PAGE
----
Dutch hand over remains of Australian aborigines

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Remains of five aboriginal Australians were returned to their descendants in a special spiritual cleansing ceremony in Leiden on Tuesday.

Leiden – Dutch authorities on Tuesday presented the skeletal remains of five 18th and 19th century aboriginal Australians to their descendants in a special ceremony in Leiden.

"The spirits can stop wandering now, they are returning home with us," Gwen Hickling, an elder of the aboriginal Bundjalung community, said after a spiritual cleansing ceremony involving the burning of eucalyptus leaves.

"The spirits were wandering in No Man's land, but now we can take them to their resting place."

Wonu Veys, curator at the Nation Museum of Ethnology that owned the remains from 1882 until their transfer to the Leiden University Medical Centre in 1935, said the skeletons of two of the individuals dated from the 19th century.

"We don't know exactly who they were or how they died," she told AFP at the event.

The remains of the two were bought for the museum on the Australian east coast for anthropological research.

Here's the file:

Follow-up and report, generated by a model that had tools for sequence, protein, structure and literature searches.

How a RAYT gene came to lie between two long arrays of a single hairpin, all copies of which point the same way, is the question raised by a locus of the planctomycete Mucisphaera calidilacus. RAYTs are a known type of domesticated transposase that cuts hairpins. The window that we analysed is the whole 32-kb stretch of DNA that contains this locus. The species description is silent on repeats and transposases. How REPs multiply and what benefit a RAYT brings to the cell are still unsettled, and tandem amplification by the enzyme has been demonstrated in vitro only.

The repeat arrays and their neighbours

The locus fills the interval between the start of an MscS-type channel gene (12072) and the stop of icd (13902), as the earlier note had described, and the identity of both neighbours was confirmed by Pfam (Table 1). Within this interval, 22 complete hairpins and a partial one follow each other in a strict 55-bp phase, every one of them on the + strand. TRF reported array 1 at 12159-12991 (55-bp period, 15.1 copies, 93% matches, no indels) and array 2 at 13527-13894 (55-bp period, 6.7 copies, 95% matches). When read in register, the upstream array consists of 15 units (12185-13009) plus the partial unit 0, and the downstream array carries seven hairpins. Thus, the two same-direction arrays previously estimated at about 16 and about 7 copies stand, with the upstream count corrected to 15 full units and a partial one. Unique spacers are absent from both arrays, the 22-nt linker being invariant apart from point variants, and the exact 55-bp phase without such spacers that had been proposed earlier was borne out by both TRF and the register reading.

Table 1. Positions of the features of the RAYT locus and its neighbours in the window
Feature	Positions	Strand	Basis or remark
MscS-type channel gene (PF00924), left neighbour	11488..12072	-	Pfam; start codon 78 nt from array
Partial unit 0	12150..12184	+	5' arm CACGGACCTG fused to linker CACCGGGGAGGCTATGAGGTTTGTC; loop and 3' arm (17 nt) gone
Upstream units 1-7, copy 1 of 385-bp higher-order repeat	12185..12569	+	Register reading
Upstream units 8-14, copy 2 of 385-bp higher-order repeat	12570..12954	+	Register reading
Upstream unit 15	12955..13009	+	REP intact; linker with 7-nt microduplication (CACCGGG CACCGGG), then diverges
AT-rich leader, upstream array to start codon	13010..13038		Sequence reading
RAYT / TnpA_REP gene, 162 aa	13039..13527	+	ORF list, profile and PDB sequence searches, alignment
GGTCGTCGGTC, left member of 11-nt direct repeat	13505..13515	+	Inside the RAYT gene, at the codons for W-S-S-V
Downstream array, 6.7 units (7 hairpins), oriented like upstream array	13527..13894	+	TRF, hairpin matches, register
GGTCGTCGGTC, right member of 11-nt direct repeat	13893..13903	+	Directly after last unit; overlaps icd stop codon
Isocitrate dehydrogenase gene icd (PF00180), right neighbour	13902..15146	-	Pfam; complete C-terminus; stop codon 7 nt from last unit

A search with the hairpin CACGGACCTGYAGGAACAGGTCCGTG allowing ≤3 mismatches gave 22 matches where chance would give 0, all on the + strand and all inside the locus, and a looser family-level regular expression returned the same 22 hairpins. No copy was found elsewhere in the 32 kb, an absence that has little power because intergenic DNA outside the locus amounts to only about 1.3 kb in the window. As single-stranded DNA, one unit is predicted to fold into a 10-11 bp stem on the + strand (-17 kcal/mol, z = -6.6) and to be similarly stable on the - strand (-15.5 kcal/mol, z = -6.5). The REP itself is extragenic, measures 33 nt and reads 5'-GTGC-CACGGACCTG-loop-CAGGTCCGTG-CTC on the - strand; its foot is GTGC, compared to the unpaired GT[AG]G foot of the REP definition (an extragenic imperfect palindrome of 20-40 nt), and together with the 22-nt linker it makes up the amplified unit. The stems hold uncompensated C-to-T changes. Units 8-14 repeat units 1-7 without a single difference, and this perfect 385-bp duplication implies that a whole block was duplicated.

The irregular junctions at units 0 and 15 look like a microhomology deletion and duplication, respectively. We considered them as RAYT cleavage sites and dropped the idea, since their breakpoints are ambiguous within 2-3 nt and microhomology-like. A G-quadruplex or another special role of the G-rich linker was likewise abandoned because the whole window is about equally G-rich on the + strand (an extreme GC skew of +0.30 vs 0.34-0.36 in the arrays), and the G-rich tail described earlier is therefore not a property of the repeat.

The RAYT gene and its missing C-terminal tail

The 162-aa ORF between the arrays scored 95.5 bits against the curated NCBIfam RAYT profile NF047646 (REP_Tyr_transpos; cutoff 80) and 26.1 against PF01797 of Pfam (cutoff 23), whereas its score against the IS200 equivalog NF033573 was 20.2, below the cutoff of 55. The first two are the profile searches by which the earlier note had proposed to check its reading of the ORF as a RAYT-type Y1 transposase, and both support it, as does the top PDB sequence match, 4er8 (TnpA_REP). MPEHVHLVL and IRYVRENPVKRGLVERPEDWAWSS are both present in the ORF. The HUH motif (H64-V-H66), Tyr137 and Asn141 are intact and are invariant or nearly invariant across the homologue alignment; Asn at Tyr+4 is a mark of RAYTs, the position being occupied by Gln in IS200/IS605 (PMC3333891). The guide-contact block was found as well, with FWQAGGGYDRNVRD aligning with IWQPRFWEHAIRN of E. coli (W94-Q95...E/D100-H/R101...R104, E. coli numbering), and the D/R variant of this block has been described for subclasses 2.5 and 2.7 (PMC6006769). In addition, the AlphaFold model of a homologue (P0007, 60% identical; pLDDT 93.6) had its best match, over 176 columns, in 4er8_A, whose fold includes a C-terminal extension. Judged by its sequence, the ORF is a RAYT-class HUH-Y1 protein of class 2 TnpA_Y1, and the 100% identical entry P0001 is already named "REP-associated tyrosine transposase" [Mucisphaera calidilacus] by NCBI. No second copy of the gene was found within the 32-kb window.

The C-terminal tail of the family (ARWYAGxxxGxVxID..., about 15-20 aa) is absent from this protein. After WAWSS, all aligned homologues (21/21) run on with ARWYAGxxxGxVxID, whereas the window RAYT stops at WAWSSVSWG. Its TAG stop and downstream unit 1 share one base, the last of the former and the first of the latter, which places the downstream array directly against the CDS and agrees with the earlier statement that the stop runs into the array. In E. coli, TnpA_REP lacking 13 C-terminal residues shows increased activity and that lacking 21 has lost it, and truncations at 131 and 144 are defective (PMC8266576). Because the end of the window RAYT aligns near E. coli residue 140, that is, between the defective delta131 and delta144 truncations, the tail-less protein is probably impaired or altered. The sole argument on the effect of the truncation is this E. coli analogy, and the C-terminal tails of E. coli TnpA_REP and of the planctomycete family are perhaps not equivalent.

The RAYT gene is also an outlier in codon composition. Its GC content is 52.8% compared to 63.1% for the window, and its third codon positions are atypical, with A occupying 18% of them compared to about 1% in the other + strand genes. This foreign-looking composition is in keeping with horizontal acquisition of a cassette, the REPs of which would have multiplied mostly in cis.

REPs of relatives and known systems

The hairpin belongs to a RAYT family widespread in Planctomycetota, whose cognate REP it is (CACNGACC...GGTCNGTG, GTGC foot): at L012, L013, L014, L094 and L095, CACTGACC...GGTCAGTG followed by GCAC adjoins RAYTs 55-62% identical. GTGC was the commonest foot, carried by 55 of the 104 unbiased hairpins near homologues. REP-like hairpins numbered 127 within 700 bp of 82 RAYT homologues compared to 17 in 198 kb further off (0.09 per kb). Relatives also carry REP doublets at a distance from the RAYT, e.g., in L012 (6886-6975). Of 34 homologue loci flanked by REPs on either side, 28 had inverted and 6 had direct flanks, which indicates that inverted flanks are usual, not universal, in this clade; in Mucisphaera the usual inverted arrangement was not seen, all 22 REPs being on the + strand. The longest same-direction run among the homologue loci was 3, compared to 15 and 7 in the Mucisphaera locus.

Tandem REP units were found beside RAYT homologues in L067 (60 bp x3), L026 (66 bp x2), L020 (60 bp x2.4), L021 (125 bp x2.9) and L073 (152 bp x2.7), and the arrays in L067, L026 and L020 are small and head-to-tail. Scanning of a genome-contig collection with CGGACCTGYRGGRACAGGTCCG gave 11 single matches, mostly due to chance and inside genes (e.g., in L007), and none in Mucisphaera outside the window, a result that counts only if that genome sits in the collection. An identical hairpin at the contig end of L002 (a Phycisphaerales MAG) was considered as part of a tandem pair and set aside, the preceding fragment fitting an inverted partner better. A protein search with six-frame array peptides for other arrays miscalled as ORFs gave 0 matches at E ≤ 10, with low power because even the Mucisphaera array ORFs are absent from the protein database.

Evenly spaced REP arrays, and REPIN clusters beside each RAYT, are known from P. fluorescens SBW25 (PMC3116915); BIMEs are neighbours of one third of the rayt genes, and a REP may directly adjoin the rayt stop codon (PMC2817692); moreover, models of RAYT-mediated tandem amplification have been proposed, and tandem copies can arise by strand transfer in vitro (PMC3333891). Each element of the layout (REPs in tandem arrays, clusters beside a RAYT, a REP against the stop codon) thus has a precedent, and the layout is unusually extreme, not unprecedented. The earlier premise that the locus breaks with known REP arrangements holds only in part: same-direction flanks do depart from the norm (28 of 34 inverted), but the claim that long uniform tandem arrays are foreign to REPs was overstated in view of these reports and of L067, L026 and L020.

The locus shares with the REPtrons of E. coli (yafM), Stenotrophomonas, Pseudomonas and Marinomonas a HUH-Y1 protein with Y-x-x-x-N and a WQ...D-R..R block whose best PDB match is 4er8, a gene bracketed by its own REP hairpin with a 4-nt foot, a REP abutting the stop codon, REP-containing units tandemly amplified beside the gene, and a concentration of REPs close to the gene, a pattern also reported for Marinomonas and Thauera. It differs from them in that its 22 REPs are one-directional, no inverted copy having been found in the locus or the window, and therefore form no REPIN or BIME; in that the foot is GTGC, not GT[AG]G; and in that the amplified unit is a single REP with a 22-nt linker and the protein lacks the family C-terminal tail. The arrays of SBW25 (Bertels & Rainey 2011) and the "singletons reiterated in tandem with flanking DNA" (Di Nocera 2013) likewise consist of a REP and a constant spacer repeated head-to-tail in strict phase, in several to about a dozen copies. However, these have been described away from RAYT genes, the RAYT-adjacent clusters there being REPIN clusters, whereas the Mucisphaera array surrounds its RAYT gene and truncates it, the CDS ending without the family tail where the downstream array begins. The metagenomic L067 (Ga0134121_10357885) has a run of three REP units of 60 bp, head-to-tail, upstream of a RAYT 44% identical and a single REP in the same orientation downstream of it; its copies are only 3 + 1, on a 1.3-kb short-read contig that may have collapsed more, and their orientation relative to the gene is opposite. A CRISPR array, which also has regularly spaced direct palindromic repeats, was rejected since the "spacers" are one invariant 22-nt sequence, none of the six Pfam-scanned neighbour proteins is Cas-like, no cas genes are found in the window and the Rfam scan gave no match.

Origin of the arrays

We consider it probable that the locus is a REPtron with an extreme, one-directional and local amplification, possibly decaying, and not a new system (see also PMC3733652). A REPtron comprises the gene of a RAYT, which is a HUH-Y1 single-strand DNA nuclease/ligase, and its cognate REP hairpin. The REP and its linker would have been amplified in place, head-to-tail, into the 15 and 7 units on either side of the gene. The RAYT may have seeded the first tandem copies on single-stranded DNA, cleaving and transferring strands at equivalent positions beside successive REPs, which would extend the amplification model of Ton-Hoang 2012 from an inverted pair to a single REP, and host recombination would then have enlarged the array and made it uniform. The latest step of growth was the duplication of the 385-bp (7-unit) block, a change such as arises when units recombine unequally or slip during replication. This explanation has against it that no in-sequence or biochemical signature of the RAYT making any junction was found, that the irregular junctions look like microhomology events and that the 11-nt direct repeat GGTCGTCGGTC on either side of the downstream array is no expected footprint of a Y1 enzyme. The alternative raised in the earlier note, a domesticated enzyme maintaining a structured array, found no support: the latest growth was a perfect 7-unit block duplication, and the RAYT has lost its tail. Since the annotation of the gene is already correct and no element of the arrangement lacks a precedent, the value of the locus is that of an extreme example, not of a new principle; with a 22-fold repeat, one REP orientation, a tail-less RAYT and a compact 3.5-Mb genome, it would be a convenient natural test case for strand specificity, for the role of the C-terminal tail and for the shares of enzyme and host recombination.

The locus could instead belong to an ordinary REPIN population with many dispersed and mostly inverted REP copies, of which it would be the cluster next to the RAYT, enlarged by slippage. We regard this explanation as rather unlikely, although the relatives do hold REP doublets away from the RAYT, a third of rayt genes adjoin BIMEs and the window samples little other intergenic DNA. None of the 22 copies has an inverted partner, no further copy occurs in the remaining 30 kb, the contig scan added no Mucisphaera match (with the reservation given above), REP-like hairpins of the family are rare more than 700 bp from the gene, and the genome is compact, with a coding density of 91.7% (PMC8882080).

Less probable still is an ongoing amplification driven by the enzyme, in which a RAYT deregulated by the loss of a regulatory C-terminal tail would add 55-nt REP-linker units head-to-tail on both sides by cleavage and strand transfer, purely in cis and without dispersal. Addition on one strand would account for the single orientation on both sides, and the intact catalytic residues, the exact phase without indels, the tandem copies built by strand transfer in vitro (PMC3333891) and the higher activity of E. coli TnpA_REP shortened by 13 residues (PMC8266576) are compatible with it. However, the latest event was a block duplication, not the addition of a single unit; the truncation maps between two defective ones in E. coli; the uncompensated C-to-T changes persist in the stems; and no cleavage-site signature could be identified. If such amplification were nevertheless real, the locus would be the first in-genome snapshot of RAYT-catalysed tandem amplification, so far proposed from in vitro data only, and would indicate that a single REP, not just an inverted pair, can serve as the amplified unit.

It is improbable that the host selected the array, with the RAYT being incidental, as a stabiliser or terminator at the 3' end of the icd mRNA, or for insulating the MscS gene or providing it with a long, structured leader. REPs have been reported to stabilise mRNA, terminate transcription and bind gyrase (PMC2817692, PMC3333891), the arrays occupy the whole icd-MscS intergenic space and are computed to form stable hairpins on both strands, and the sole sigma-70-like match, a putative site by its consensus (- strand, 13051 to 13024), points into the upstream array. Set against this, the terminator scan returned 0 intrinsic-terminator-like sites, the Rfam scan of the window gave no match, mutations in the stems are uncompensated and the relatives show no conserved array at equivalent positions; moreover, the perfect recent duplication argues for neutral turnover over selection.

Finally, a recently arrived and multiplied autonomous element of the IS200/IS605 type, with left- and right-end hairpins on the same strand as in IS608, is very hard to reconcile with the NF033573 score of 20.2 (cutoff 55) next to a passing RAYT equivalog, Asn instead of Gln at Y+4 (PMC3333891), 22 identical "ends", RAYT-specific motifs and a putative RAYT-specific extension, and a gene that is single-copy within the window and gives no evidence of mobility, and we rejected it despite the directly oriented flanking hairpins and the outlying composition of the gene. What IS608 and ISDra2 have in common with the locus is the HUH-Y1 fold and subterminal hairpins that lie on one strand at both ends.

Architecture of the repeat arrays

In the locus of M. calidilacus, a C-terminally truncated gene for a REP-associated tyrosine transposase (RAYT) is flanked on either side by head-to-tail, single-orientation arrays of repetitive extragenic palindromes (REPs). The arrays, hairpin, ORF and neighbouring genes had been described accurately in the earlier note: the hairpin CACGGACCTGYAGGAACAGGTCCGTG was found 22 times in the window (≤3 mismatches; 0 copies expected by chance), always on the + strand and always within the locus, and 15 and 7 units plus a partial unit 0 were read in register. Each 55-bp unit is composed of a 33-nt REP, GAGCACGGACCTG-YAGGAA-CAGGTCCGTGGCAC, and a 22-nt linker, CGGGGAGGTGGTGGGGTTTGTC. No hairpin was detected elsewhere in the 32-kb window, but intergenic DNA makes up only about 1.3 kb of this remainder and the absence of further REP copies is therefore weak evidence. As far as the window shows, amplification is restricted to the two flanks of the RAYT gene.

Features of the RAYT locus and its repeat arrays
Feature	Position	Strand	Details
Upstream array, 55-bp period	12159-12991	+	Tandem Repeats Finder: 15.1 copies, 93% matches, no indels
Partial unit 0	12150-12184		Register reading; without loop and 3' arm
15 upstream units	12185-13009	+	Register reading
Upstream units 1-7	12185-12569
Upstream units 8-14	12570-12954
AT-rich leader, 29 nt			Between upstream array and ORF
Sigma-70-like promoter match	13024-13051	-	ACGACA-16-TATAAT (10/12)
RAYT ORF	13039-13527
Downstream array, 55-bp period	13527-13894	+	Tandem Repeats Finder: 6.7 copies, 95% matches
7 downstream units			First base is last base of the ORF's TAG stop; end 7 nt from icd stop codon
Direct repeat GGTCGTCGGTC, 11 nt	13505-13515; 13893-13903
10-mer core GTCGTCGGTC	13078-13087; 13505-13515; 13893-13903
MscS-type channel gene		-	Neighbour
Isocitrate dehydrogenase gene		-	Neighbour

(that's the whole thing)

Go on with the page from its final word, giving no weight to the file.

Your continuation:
Veys said the remains of the other three "are probably a lot older, we think from the 18th century," but further research would be done by Australian scientists to trace their exact age and origin.

The remains of the three are believed to have come to the museum from the collection of 18th century British naturalist Joseph Banks.

The bones were presented in two wooden boxes, draped in the black, red and yellow aboriginal flag, by Dutch culture and science minister Ronald Plasterk to Hickling and fellow Bundjalung elder Desmond Morrissey.

Australian ambassador Lydia Morton told the gathering that many aboriginal people had a strong spiritual connection to their country.

"It is their mother. They believe that the human spirit is born from their land and returns to it upon death," she said.

"When their people's remains are not in their country and with their people, then their spirits are wandering. These wandering spirits are restless and their negative energy can cause troubles in their home community."

She thanked Dutch authorities for aiding in the Australian government's quest to repatriate indigenous remains held in overseas collections.

"It is important in healing the pain of past injustices."

Plasterk said remains like these had contributed to modern-day scientific knowledge.

"Of course nowadays we think differently about the way to treat those human remains. There are many examples of exhibitions and displays at that time that would never be allowed today."

Morrissey said the treatment meted out to aboriginal remains in the past made him "very sad".

"They were taken away without any permission. The aboriginal peoples had no say at all," he told AFP.

"It was cruel, but we are closing the gap now."

AFP / Expatica

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